Prioritisation is a constant challenge for Product Managers, the backlog is never ending. So, what happens when new features and product ideas get pushed into the roadmap? If you’re a Product Manager you would have learnt that saying “No” isn’t exactly easy.
Instead of saying “No”, there’s one simple question which can help: “How will this support our business objectives?”
How this simple question can help you prioritise
The art of prioritisation is invaluable for everyone – whether you work for a large enterprise, small NFP, or are self-employed. For Product Managers it’s particularly important. PMs need to constantly make decisions on what’s driving their company’s Product success and then prioritise the work to deliver Products customers love.
For example, meet our fictional Product Manager Jane. She is leading the Product Team at Xtra Money, a fintech scale up, to improve the customer experience for an existing digital Product.
- Her team has just completed a round of customer research. Engineering is shipping the Product Feature her team has been working on for the past three months.
- Her Product Backlog is prioritised, capturing detailed Product decisions and directing the work of the development team. The team is working at capacity, and she feels everything is on track.
- Even though everyone in the team has adjusted to working remotely during a global pandemic, Jane has been successful in keeping all stakeholders engaged and ensuring the team is always working on priority number one.
One day, at 4pm, Xtra Money’s CEO reaches out to her:
“Hi Jane, after speaking with one of our customers, I realised that we really need to put in <this exciting new feature> ASAP. This is your new priority number one. When can we get this done?”
Jane was about to wrap up for the day and instead of ending on a high she has that familiar sinking feeling and her imposter syndrome is slowly kicking in.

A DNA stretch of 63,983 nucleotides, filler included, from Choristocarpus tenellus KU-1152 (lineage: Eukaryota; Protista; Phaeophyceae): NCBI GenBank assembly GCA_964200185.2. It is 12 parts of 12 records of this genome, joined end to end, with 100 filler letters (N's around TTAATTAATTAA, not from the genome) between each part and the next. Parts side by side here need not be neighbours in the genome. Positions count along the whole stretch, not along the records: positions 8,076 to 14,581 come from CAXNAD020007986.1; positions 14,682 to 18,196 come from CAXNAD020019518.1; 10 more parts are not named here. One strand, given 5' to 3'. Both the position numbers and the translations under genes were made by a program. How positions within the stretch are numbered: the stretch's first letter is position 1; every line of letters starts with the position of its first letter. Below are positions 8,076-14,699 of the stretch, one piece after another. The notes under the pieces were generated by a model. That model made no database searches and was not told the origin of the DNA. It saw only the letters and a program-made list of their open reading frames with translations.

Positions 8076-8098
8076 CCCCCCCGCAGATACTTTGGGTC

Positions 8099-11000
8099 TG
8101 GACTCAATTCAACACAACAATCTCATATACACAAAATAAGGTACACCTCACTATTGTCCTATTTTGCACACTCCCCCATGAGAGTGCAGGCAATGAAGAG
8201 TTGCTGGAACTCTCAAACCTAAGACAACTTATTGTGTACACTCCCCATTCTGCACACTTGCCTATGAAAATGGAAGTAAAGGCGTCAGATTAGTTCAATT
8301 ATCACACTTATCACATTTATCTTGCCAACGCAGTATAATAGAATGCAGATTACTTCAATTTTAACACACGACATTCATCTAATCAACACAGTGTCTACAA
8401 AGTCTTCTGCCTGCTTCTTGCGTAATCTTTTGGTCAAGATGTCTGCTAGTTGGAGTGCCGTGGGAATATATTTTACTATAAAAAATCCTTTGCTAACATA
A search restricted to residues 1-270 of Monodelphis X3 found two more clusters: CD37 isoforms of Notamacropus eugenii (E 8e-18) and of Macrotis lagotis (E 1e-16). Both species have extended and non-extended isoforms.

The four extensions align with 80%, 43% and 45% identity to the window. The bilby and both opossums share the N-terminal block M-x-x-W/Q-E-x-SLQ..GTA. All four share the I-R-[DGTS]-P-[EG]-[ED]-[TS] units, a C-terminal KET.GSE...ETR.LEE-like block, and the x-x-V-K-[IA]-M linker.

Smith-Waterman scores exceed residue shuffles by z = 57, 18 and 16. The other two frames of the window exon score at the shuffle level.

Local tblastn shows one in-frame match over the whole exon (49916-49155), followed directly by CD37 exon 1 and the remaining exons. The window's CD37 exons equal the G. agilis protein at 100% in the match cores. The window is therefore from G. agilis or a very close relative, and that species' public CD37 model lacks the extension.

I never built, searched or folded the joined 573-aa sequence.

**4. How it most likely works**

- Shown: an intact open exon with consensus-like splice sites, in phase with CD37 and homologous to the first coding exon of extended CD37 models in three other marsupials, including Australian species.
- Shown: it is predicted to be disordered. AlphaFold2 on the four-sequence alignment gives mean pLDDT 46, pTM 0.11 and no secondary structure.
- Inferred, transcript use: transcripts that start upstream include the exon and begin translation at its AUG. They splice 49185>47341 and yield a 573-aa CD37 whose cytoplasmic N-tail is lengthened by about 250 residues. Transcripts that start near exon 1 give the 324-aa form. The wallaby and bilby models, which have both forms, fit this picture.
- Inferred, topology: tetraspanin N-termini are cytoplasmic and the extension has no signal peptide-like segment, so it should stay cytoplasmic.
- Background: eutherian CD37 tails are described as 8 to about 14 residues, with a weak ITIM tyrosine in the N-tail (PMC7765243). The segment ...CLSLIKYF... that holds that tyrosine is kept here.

- Is her CEO right?
- Should Jane have prioritised that feature differently from the start?
- Should she have stated her position more firmly and pushed back on her stakeholder?
It’s quite a challenge for Jane – and many Product Managers like her.
Not everything is priority one
“How do you know if you’re asking the right questions? How is our decision-making process different and how do we adjust?” Randy Silver, speaker at Product Talks and author of ‘What do we do now’ a Product Manager’s guide to strategy in the time of COVID-19.
While Jane made changes to her team’s working schedule relatively quickly after the pandemic hit, digital Product management is moving slowly in general. Digital Products typically take some time to design, implement, and launch.
Many stakeholders can’t afford to lose focus from their priorities, and their KPIs depend on these outcomes. Making promises on the basis of what we know during this time of crisis has become more and more like predicting the weather in Melbourne. Product Managers are putting their finger in the wind and trying to please stakeholders who want their new shiny object delivered.
Product Managers need an effective way to prioritise their Product Development and manage their Product through its entire life cycle while sticking to their Product Vision.
For Product Managers like Jane, keeping a prioritised backlog is a constant challenge. What should be on top of that backlog is what is likely to add the greatest value to their business and Product Strategy.
“Most ideas fail shortly after launch, regardless of how promising they sound, how much we commit to them, or how well we execute them. This is a hard fact to accept. Before you invest time, energy, and money into your next project, make sure you are building The Right It.” – Alberto Savoia, author of The Right It.
Luckily for Jane, there is a way to help determine what should go up or down in the Product backlog.
To help choose between competing priorities she can ask: “How does that idea support our business objectives?”
Strive for alignment over agreement
When business objectives are set for each quarter, with clear key results defined as outcomes, it becomes much easier to determine how well each new idea will deliver against these objectives. This is generally true whether your business is small and disruptive or large and established.
Product Managers work at the intersection of business and technology. They represent the voice of the customer and advocate for them and their needs. Product Managers get stakeholders across the whole organisation to connect to each other and form a better understanding of:
- How the product can be improved
- How it can bring financial benefits to the business,
- Which features customers want most
- What the best way is to deliver these features.